Colorful stories of acronyms are often false

No, “golf” does not mean “gentlemen only; ladies forbidden.” Rather, its dry etymology leads us back to the Middle Dutch word “colf” or “colve.”


English words rarely get their start as acronyms. Looking at the number of folk etymologies that explain acronymic origins, though, you might think that many common terms were stitched together from the first letters of other words. English does contain acronyms, of course, but they tend to be produced in academic, military, or governmental contexts, and first appeared in the late 19th century. 

Laser is a good example. The word was coined in 1959 because it rolls off the tongue more easily than “light amplification by stimulated emission of radiation.” 

Snafu – “a situation marked by errors or confusion ... [or] an error causing such a situation,” according to Merriam-
Webster – comes from the first letters of “situation normal, all fouled up,” popular 1940s military slang. 

The “self-contained underwater breathing apparatus” was patented in the 1950s, and gave us scuba.

False acronymic etymologies tend to be convoluted and dramatic. One example is posh, “elegant, fashionable” or “typical of ... the upper classes.” The story goes that rich 19th-century British travelers would book cabins on the port (left) side of the ship on journeys to India, and on the starboard (right) side on the way back, because these would be the coolest cabins for the hot voyage. These tickets would be stamped POSH, for “port out, starboard home,” which then came to describe the wealthy travelers themselves. There is no evidence that this story is true, but it’s much more interesting than the term’s real etymology, which, according to the Oxford English Dictionary, is “origin unknown.”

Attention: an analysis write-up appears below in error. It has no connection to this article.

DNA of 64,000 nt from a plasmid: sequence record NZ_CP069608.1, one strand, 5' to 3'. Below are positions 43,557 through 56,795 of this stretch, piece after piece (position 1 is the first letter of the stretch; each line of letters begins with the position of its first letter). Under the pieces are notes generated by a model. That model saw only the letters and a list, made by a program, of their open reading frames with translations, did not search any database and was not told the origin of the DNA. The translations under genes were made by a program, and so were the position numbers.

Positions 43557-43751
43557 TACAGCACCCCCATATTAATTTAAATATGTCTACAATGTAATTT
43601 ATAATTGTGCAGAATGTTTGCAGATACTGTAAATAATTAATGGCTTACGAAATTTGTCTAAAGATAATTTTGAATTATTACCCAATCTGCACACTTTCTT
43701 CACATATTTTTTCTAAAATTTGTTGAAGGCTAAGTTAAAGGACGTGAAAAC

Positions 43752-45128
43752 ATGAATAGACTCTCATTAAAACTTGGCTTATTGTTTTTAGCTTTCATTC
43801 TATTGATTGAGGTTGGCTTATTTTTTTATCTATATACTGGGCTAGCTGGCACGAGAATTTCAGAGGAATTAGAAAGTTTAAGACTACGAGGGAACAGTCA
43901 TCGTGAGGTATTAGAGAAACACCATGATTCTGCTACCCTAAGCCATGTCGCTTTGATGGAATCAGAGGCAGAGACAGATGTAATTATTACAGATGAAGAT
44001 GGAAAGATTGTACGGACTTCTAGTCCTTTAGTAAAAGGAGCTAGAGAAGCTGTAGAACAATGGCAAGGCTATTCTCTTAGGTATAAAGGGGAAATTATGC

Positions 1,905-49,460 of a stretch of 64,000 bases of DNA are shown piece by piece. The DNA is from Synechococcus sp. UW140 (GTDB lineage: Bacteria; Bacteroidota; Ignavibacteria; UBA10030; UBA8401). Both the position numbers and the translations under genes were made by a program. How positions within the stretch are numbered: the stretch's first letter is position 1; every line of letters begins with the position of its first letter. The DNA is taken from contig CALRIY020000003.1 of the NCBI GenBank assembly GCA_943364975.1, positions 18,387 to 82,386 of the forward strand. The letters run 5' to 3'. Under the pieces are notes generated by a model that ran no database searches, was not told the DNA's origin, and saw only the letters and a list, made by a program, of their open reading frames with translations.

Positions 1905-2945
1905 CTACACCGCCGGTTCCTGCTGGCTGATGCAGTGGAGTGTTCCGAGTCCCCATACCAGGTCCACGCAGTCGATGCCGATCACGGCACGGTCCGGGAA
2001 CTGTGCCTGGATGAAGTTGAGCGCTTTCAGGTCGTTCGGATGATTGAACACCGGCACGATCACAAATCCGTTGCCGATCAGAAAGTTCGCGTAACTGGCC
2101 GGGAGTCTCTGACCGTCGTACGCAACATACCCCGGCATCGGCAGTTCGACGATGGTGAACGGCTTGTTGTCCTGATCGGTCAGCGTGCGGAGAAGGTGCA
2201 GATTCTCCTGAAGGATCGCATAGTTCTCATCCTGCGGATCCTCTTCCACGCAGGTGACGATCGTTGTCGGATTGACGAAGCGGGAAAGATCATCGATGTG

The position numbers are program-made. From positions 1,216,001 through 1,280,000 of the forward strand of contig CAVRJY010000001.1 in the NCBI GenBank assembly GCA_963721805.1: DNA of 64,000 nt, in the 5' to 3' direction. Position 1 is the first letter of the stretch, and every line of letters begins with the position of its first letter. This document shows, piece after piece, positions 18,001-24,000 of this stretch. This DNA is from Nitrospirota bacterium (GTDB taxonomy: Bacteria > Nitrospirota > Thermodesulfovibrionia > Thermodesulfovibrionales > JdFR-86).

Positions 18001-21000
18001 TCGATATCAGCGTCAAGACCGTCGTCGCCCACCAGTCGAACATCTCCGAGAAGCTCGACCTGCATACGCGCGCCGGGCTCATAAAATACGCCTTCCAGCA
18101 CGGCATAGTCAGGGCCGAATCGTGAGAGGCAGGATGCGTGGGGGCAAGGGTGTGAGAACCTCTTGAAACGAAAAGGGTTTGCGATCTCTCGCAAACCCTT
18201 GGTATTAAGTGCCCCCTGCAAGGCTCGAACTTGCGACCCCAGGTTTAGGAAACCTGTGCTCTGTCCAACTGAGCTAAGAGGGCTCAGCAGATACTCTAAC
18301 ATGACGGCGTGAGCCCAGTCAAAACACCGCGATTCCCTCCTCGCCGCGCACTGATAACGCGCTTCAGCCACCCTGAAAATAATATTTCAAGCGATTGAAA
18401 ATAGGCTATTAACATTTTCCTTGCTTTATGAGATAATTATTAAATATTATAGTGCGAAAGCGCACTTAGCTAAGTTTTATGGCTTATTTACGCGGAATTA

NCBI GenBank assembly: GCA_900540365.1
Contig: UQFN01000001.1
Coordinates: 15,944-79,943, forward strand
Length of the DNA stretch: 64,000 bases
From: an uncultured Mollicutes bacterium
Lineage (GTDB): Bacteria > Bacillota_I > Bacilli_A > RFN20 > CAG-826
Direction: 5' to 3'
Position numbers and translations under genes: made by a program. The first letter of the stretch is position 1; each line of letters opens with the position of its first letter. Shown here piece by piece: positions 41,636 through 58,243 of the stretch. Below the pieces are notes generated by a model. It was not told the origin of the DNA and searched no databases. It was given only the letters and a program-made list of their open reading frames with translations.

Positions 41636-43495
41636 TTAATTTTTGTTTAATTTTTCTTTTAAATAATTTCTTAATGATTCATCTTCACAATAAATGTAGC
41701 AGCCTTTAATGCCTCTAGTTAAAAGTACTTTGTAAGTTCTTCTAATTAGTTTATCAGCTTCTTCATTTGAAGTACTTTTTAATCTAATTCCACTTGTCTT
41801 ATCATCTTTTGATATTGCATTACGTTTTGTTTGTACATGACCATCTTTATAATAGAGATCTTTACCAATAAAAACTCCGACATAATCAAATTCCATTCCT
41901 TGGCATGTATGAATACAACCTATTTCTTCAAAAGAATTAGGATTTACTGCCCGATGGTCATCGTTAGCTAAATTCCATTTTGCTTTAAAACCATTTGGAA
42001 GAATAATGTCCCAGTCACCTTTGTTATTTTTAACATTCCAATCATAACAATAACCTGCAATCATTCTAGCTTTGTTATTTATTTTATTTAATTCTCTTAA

News is a surprising candidate for an acronym. It has been used since 1417 to refer to “new occurrences as a subject of report or talk”; “the news” is simply “what’s new.” In the 17th century, a poet noticed that news was made up of the first letters of the cardinal directions, and by the 19th century this coincidence had become an origin story. An 1845 dictionary of etymology defines newspaper as “a paper containing intelligence from the North, East, West, and South” – from everywhere, in other words.  

Golf was first played in Scotland in the 15th century by women and men, aristocrats and tradespeople. As the game developed, it became associated with the wealthy men who founded private clubs to build and maintain courses. In the 1990s, a story arose that the word itself reflects the sport’s exclusionary tendencies – “gentlemen only; ladies forbidden.” Actually, golf comes from the Middle Dutch word colf or colve, meaning “stick, club, bat,” via the Scottish gouf

Colorful origin stories for acronyms are fun, but are unlikely to be true. 

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